Hawley, though, has only leaned further into his stance, tweeting Saturday: "It's time to STAND UP."

"So true," Trump tweeted in return. "Thanks Josh!"

And on Sunday, Hawley sent out a fundraising email saying he "will not bow down to career politicians in Washington" and asking for Americans to join him and donate.

Missouri attorney general

Before entering the national political arena, Hawley was Missouri's attorney general from 2017 to 2019, a role that served as a spring board for his larger ambitions even as it brought some controversy.

Hawley touts on his Senate website that he used his role as attorney general to fight "the Washington overreach threatening farms and family businesses."

He had garnered wide-spread attention in 2018 when he accused then-Missouri Gov. Eric Greitens, a Republican, of obtaining a charity donor list without permission. "If proven, these acts could amount to the unauthorized taking and use of property -- in this case electronic property. Under Missouri law, this is known as computer tampering and given the value of the list in question, it is a felony," Hawley said at the time.

Greitens ultimately resigned as governor -- something Hawley called "the right thing" to do at the time.

In another high-profile case, Hawley sued the owners and operators of a duck boat that sank on a lake near Branson, Missouri, and killed 17 people, saying they had been aware of safety hazards but their "own profits" were their priority. A National Transportation Safety Board probe ultimately found a "systemic problem with the company as a whole."

But his tenure as attorney general also brought scrutiny. He faced fierce criticism for a December 2017 speech in which he blamed the sexual revolution for human trafficking. "The sexual revolution has led to exploitation of women on a scale that we would never have imagined," he said in a speech to Christian pastors at an event hosted by the Missouri Renewal Project.

"You know what I'm talking about, the 1960s, 1970s, it became commonplace in our culture among our cultural elites, Hollywood, and the media to talk about -- to denigrate the biblical truth about husband and wife, man and woman," Hawley said.

He argued that there's a "human trafficking crisis" because "our culture has completely lost its way."

"We must also deliver a message to our culture that the false gospel of 'anything goes' ends in this road of slavery," Hawley added.

A spokeswoman for Hawley's campaign stood by the candidate's remarks when asked for comment at the time, adding that he had aggressively cracked down on sex trafficking since he took office as attorney general.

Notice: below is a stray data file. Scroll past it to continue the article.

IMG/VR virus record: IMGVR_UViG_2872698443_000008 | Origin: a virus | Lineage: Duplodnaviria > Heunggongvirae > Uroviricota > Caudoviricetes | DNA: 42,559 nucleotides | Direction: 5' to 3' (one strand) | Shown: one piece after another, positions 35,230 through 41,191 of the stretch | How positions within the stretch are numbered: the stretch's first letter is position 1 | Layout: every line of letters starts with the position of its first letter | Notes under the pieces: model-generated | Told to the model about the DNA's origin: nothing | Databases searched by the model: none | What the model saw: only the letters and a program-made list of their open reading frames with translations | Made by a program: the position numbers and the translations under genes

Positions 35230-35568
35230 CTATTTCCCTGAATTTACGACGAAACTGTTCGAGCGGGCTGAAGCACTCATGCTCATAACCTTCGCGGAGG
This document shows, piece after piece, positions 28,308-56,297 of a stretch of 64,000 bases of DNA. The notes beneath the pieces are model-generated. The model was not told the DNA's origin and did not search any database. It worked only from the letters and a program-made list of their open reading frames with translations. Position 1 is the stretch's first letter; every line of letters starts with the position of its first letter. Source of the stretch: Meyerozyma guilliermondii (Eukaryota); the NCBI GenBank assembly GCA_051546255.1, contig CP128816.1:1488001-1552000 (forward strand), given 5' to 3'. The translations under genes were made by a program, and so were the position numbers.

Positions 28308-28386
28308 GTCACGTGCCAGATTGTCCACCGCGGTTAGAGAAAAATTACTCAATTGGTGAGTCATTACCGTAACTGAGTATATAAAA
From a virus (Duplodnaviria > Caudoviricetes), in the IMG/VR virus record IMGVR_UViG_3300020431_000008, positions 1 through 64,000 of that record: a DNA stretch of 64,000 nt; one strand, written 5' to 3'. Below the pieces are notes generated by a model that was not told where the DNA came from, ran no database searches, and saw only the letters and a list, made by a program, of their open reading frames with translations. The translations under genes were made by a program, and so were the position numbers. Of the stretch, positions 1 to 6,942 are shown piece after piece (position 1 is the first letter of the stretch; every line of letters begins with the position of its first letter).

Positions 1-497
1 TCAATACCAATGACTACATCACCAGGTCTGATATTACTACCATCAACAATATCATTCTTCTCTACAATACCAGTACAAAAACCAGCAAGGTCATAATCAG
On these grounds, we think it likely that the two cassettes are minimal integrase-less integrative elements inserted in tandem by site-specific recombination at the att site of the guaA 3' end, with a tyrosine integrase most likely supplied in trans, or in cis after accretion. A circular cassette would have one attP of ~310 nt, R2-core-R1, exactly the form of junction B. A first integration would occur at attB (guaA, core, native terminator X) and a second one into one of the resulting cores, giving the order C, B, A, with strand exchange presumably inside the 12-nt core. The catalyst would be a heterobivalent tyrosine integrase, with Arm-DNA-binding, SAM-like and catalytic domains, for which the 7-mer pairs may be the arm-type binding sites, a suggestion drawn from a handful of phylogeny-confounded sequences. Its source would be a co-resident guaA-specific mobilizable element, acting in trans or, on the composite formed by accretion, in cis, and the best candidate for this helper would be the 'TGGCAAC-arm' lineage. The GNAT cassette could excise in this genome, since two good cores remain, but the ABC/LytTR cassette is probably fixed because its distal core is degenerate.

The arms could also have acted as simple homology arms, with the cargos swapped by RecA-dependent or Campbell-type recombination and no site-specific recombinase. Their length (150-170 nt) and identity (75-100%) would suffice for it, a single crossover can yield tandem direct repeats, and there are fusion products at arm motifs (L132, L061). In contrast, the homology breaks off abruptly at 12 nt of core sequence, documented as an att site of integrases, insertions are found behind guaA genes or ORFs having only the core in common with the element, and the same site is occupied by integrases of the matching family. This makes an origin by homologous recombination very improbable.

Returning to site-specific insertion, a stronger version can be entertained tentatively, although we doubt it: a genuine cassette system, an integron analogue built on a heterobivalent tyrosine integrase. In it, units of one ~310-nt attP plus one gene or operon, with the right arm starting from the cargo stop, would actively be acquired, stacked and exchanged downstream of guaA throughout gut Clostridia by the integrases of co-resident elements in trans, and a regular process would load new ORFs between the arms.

Vocal tech critic

Hawley's tenure in Congress has been defined by his role as a vocal tech critic eager to impose consequences on Silicon Valley over its dominance in the global economy.

He's railed against Section 230, a law that shields internet companies from being liable for what is posted on their websites by them or third parties, which is a grievance Trump shares. The President delivered on his promise to veto the National Defense Authorization Act because it did not repeal Section 230, and in a bipartisan rebuke, the Senate overrode that veto last week -- the first successful override of Trump's presidency.

But Hawley joined with six other GOP senators in voting to let Trump's veto of the defense bill stand.

In October, Hawley sent letters to Facebook and Twitter characterizing some of the companies' content moderation decisions as an illegal campaign contribution benefiting Biden. And in November, he targeted Facebook CEO Mark Zuckerberg with a misleading line of questioning during a Senate Judiciary Committee session.

Hawley repeatedly asked Zuckerberg if Facebook coordinates with YouTube and Twitter for "censorship" and "to control information," citing information he had obtained from a "whistleblower."

It is well-known that social media companies do communicate with each other on issues related to foreign meddling, terrorism and other topics. But Hawley tried to deceptively characterize the practice of Facebook communicating with its peers as nefarious and implied that the coordination was a major revelation.

During his first year in the Senate, Hawley even introduced a bill aimed at fighting "social media addiction."

"Big tech has embraced a business model of addiction. Too much of the 'innovation' in this space is designed not to create better products, but to capture more attention by using psychological tricks that make it difficult to look away," Hawley said in a news release at the time.

"This legislation will put an end to that and encourage true innovation by tech companies."